Learning Japanese At Home

Before our trip, I had hoped to learn enough Japanese to speak at least a little bit. I took a couple of classes. But work and life got in the way and I only ended up taking about 6 months of class, then stopped for a half year before our trip. I was able to read Hiragana, slowly, but did not learn Katakana (these are the two Japanese phonetic syllabaries), learned a handful of Kanji, and could form very basic sentences and questions with a limited vocabulary. In the end, I had to rely heavily on my mother to translate, seek out those people who had any English knowledge at all, or simply repeat the few words and phrases I knew. I want to do much better next time.

I am researching and trying out various ways to learn Japanese. Classes are great, but can be expensive and unless the class location is convenient, very time consuming and inflexible. Being a tech geek, I’ve been looking at ways to learn and drill that are online, on my phone or tablet, and free or cheap. I’ve only just scratched the surface, but here is what I have found so far. I invite anyone who has experience or opinions on this subject to send me email or submit comments.

Android Japanese Learning Apps
(I have an Android tablet and smartphone, but I suspect some/many of these are available for Apple):

Hiragana – Learn Japanese
Katakana – Learn Japanese
– These two apps are great for learning the Japanese syllabaries, known collectively as “kana”. You learn to read, hear, and write them. Many learners of Japanese say that learning kana is the essential first step to learning Japanese. These work fine on both a tablet and on a small smartphone screen. Free.
Japanese Hiragana Handwriting – Another handwriting drill app for learning Hiragana. It is free and pretty good, but I prefered the apps above to this one
Learn Japanese – JP Translator – learn basic phrases. Pros: audio and Kana-only modes. Cons: have to pay for anything beyond very basic phrases.
Learn Japanese – Phrasebook – similar to above, it plays the words and phrases aloud, and has Kana-only modes. But beyond 400 basic words/phrases you need to pay
JapanesePod101 aka Innovative Language 101 – I have gone through the free lessons offered by this app/podcast and they are excellent – but expensive. Access runs between ~US$10 – 25/month. If my other options don’t work out, I may go with this one.
Memrise Learn Language – Japanese language tutor which teaches Kanji, speaking, and writing. It offers fun/odd pictures/memes to help you remember words and phrases. And it plays the words and phrases aloud. Although it does cost money, it is more reasonable, IMHO at US$9/month or US$59/year. I have only been using this app a few days but think it is worth paying the premium for.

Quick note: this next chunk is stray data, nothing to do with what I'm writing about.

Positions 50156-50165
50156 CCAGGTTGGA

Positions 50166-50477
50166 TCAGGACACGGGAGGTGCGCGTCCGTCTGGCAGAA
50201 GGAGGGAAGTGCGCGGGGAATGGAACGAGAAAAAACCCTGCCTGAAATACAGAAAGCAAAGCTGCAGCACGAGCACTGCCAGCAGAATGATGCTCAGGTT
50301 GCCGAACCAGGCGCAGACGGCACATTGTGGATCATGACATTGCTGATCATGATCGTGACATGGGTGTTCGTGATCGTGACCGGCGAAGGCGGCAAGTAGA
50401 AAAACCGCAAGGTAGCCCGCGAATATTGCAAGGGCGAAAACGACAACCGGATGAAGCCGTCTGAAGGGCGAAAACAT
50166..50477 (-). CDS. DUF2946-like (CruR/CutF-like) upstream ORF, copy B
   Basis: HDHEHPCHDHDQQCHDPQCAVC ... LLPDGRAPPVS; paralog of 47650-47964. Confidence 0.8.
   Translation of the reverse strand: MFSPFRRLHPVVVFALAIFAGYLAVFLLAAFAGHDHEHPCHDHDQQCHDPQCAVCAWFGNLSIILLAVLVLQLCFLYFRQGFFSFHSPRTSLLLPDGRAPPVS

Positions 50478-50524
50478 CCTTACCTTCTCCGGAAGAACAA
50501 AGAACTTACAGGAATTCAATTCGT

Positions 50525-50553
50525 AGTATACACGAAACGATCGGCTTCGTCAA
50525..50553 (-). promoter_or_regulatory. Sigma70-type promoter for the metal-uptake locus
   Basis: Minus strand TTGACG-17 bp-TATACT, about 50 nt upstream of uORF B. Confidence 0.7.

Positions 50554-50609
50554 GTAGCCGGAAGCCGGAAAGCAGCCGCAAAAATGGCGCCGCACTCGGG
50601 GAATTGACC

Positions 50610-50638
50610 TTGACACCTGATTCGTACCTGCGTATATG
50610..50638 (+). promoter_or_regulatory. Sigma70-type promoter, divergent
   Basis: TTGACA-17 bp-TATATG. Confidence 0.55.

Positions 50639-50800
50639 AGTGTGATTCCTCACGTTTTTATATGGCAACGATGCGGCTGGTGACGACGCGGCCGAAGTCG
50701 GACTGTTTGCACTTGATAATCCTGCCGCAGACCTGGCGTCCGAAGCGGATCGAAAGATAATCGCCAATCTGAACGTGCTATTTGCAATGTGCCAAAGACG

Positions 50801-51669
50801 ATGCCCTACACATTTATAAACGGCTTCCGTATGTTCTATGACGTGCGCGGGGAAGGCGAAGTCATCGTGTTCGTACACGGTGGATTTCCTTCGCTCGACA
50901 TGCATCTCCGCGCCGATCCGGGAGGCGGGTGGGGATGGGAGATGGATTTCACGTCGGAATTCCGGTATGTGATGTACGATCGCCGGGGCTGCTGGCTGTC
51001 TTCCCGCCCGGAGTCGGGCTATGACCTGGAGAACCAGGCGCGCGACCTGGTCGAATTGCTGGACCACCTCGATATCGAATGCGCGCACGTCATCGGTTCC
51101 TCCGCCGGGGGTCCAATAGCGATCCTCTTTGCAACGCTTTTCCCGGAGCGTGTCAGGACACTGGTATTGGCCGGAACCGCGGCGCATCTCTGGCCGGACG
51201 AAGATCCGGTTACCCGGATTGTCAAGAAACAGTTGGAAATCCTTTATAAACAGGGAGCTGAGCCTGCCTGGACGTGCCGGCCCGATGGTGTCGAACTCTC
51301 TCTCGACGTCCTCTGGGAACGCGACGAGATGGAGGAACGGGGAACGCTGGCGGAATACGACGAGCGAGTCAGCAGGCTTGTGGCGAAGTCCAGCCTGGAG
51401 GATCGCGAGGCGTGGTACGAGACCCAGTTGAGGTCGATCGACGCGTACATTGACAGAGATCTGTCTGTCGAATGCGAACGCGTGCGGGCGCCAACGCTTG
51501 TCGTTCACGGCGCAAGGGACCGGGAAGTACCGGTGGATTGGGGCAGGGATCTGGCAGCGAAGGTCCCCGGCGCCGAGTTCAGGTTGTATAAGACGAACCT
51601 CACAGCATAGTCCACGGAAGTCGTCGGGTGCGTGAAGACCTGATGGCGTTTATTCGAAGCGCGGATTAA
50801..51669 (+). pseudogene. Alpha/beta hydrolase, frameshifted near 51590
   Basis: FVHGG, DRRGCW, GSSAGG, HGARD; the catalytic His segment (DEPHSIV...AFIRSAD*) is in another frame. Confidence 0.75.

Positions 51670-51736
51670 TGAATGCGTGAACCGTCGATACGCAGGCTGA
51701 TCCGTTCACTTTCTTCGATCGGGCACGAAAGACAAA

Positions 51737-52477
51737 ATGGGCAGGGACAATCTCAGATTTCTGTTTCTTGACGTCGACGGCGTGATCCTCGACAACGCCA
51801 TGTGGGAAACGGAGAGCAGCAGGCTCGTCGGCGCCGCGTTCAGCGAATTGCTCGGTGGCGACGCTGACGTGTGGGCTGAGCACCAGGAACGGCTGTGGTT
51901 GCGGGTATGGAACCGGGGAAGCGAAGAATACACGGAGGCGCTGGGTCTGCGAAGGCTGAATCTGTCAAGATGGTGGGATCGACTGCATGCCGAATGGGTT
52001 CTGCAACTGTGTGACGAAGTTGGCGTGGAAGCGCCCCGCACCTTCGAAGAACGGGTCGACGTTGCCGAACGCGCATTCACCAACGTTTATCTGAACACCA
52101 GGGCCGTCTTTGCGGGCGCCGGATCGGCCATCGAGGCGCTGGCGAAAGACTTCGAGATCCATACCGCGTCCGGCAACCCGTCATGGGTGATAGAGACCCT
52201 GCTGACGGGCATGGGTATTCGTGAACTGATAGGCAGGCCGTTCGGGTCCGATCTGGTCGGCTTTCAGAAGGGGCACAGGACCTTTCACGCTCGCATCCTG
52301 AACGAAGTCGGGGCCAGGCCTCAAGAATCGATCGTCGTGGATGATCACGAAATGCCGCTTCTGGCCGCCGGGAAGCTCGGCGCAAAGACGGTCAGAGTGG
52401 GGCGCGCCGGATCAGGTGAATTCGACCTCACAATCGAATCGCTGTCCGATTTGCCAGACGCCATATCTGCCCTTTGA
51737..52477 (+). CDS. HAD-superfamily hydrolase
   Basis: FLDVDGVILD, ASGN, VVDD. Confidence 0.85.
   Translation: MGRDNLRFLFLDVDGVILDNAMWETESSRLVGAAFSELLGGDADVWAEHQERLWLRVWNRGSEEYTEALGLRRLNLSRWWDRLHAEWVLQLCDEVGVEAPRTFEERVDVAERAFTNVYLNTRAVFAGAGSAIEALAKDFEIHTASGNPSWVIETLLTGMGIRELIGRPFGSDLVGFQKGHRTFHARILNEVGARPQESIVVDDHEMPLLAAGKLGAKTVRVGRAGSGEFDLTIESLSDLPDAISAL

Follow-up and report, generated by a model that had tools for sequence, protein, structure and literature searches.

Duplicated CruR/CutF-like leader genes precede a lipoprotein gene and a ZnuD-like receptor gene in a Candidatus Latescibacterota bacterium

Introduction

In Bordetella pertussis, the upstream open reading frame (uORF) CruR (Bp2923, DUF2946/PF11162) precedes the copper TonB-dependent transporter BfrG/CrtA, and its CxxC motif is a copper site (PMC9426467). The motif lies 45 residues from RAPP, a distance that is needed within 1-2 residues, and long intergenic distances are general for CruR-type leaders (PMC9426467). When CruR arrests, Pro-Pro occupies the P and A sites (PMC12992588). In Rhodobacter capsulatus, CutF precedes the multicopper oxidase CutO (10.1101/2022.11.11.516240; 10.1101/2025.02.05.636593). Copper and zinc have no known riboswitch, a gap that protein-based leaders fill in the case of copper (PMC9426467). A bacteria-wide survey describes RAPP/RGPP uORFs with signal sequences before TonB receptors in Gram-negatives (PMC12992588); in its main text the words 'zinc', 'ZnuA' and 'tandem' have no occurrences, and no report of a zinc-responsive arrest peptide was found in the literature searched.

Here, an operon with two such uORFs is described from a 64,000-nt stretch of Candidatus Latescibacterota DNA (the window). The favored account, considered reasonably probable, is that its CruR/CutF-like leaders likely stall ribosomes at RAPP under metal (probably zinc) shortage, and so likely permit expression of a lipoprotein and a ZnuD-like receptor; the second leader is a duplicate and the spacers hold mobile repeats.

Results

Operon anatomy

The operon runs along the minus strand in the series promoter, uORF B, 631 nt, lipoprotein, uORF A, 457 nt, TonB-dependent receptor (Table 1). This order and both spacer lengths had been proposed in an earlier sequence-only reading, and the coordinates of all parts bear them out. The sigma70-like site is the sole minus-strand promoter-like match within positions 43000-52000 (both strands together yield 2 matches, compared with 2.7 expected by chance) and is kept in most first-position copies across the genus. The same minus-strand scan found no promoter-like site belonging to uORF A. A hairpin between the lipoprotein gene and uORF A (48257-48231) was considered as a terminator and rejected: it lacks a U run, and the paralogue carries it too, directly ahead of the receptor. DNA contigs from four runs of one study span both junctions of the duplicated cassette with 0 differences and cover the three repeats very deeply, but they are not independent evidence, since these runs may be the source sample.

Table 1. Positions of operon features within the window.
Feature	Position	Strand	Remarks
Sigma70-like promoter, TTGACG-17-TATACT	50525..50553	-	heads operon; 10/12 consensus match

Kanji Senpai –  This is a Kanji learning program. It plays the words/phrases, displays them, and drills you on the Kana pronunciation, reading and writing of the Kanji. Additional classes/levels cost just US$3. I think this will also be an app I deem worthy of paying extra for.
Google Translate – In a pinch there is always Google Translate. Of course you won’t know how good a job it is doing, but I trust it for single words or simple, short phrases. You can choose to download specific languages (provided you have the space) to allow you to use it even if you don’t have an internet connection.

Podcasts can be great for listening and learning during your commute, after work, before bed, or whenever. Here are a couple:
JapanesePod101 – The podcasts I have heard are excellent, but again, for more than the introductory content, you must pay (see the associated app info above)
The Japanese Learner – Not quite so much a podcast for learning Japanese as a discussion about how to learn Japanese. I’ve only listened to a couple podcasts so far. It may be more of a cultural study as well as inspiration and a break from hard-core language study and drilling
One Minute Japanese – As named, these are short lessons teaching basic Japanese phrases. Little grammar, no reading/writing, just basic phrases.
JLPT Bootcamp – These podcasts alternate between suggestions and tips for studying for the Japanese Language Proficiency Tests and cultural, living-in-Japan observations from an American who has lived and worked 8 years in Japan.
GengoLanguages – Learn Japanese – These appear (or rather, sound) like the same lessons in JapanesePod101. I will continue to investigate to see if this is true, and if there might be any cost savings of one over the other.
Easy Japanese – NHK WORLD RADIO JAPAN – the podcast appears to have only one lesson, but the NHK website appears to have downloadable MP3 audio and PDF lessons available for free. I will update when I have something to report

If you have ideas and experiences regarding learning Japanese as a non-native speaker, please do share!


One thought on “Learning Japanese At Home

  1. I finally settled on a program: Memrise. I used the free version for about 3 weeks and Memrise offered me a discounted annual fee of $30. That was worth it for me and I went for it. Am pretty happy with it so far.


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